CHARLES C. DIMICK, proprietor of one of the oldest mercantile establishments in the town of Rosiclare, Ill,, was born a mile and a half north of that town. Sept 1, 1862, his parents being Franklin and Amanda J. (Chancy) Dimick. (See sketch of George F. Dimick for family genealogy.) Charles C. Dimick was educated in the common schools and lived with his parents until Nov. 10, 1880, when he married Kittie Wood, daughter of Alfred and Sarah (Madden) Wood, old residents of Hardin county. After his marriage he lived a year on a farm near his father, then a year on Dr. White's farm, near Elizabethtown, when he settled on a farm given him by his father near the old home place, and lived there for seven or eight years. He then came to Rosiclare, where he was connected with the mines for about two years, at the end of which time he engaged in mercantile pursuits in connection with his brother, George F., under the firm name of C. Dimick & Bro. In 1902 the partnership was dissolved and he succeeded to the business, which he still conducts. By his conservative and safe business methods he has acquired considerable wealth and owns some of the best property in the town where he lives. Mr. Dimick is a Republican and takes some interest in political affairs. He was appointed postmaster under President McKinley's first administration, having been assistant for two years, and still holds that position. He is also freight agent for the Evansville & Paducah Packet company, and has held some of the minor offices of the town. In church matters he has accepted the faith of his father and is a deacon in the Christian church. He belongs to Lodge No. 54, Independent Order of Odd Fellows, and is always a willing helper in the benevolent work of the order. Mr. and Mrs. Dimick have two daughters, Ethel V. and H. Audrey. Ethel V. was born Dec. 5, 1883, and H. Audrey Feb. 25, 1894. On Dec. 11, 1904, Ethel was married to Austin D. Knight.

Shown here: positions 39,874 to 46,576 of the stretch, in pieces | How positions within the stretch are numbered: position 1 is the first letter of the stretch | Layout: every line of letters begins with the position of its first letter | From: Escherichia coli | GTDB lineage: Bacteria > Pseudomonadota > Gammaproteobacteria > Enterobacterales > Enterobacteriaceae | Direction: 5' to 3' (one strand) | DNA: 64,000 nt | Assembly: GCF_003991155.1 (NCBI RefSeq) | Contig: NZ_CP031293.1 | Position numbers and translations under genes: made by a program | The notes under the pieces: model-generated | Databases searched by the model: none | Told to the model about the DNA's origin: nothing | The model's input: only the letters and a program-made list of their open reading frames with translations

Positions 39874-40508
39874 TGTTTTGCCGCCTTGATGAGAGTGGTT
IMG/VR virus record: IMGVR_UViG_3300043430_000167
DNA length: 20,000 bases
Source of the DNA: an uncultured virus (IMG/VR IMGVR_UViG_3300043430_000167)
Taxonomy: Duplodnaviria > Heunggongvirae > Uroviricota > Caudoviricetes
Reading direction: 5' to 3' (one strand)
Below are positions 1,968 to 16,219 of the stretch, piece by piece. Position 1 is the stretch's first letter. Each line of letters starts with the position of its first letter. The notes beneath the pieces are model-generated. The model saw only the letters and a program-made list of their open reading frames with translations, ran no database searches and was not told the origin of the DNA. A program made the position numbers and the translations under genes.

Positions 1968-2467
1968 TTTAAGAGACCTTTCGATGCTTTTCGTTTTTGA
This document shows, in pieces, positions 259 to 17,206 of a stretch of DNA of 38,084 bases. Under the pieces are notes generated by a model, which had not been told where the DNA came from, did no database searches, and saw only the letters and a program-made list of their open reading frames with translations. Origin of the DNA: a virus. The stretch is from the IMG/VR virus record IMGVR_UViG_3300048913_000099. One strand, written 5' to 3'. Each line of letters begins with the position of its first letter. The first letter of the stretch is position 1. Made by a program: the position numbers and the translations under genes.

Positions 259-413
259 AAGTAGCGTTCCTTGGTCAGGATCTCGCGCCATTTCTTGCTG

Extracted Feb 2015 from Memoirs of the Lower Ohio Valley, Personal and Genealogical with Portraits, published in 1905, Volume 1, page 392
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